These States Already May Be in Recession

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The fact that there are 50 states in America means that there are 50 different economic outcomes. Just because the entire country has low unemployment, high consumer confidence and rising gross domestic product does not mean certain states are not already suffering downturns in their economies. Some states already may have fallen into recession.

The Brookings Institution took data produced and analyzed by an expert at the Federal Reserve that takes into account changes in unemployment over a 12-month period. The most recent analysis ended with July’s jobless numbers. The calculation is actually fairly simple. If the unemployment rate in a state based on a three-month average reaches 0.5% for the minimum over the previous 12 months, it signals a possible recession. That means the calculation only involves three numbers.

Research nonprofit Pew Charitable Trusts took the state recessions data one step further, stating, “Using that standard, there is a 50% chance that Minnesota and North Carolina are currently in a recession.” The calculation for North Carolina shows how different a state economy can be from the entire country. The unemployment rate was 4.2% in July. That is up from 3.7% in December. The July rate is also well above the month’s national rate.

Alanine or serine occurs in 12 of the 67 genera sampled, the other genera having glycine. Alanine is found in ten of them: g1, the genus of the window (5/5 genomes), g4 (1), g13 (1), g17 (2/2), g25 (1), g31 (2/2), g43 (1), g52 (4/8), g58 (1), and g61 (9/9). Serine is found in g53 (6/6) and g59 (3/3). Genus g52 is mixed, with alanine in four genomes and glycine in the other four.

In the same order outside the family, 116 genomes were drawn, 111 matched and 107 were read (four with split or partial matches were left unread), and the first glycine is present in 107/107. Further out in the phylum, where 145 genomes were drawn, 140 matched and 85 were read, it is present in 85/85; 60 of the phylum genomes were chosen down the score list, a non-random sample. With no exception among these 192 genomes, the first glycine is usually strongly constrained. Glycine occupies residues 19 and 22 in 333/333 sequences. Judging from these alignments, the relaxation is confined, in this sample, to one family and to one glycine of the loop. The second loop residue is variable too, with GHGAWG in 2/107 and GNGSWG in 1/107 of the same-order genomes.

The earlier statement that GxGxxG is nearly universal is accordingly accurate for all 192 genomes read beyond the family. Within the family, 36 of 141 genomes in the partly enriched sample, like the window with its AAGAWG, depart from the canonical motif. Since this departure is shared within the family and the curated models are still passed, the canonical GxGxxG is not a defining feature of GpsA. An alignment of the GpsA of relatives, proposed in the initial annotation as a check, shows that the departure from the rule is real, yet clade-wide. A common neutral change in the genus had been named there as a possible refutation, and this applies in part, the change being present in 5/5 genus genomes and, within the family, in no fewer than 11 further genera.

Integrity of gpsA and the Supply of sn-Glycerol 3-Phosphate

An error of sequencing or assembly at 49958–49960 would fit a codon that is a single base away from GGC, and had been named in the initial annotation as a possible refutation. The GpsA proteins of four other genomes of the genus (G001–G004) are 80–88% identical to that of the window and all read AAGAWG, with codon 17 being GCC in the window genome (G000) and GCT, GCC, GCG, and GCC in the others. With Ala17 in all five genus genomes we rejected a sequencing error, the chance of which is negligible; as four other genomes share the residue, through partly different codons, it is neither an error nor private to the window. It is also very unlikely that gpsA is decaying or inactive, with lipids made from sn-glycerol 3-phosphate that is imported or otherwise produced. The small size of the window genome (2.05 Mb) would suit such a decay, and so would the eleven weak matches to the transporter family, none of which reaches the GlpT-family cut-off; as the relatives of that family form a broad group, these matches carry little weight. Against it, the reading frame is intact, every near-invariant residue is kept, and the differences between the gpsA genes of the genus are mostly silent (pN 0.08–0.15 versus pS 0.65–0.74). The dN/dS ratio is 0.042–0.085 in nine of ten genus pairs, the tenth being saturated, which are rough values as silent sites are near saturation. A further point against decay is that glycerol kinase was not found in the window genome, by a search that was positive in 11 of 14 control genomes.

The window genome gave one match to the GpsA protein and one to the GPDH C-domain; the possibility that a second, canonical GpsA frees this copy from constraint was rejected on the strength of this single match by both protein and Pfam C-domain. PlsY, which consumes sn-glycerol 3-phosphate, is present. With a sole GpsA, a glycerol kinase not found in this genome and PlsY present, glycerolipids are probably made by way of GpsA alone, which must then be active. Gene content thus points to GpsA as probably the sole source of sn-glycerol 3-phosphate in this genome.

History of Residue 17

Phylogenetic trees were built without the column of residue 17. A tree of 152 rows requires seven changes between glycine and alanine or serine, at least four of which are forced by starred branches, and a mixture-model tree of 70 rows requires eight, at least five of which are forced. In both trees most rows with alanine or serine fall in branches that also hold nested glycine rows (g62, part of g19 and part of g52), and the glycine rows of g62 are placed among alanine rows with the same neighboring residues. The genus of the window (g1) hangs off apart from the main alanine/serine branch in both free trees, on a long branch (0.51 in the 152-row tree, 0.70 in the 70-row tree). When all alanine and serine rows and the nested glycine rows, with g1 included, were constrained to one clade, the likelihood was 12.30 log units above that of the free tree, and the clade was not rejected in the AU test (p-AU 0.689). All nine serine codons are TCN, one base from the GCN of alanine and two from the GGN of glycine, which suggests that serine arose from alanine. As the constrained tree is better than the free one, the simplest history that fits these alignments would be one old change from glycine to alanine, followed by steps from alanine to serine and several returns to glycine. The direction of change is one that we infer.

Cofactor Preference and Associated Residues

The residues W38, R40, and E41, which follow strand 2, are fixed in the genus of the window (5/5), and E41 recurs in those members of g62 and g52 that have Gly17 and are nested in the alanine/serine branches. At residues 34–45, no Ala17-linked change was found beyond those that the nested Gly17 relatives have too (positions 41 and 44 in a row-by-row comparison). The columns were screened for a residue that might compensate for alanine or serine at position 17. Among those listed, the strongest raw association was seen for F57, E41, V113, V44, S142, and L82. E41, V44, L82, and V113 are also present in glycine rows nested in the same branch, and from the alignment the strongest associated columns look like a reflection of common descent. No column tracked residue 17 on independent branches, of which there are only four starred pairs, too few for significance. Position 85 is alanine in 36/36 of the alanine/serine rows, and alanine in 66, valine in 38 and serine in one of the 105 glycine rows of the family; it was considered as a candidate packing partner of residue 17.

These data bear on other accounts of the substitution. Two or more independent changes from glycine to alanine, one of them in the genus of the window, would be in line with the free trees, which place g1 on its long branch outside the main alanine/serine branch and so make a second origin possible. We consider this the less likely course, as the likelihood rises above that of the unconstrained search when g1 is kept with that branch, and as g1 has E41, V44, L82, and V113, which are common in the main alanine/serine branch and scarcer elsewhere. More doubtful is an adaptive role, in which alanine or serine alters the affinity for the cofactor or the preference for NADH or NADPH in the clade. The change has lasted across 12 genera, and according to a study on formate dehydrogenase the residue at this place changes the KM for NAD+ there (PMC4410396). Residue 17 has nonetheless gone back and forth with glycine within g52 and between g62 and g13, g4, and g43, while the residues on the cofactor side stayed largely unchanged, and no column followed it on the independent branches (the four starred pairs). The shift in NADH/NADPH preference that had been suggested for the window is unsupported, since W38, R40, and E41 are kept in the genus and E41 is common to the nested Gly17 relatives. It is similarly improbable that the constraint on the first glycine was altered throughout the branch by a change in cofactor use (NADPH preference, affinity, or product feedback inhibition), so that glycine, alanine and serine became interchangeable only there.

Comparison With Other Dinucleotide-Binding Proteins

Even without complex calculations, it is easy to see which states may be trouble spots when looking at just unemployment. The jobless rate in Alaska, at 6.3%, is the highest in the country. The last time the national unemployment rate was that high was in 2014, when America was still digging its way out of the Great Recession. The unemployment rates also are unusually high in Mississippi (5.1%), Arizona (4.9%) and New Mexico (4.9%).

Tip O’Neill, the Speaker of the House of Representatives from 1977 to 1987, used to say, “all politics are local.” The same can be said of economies. There eventually will be a nationwide recession. It may have started already at the state level.

For people who want to know job prospects in their state, 24/7 Wall St. has done an analysis of cities adding the most jobs in each state.

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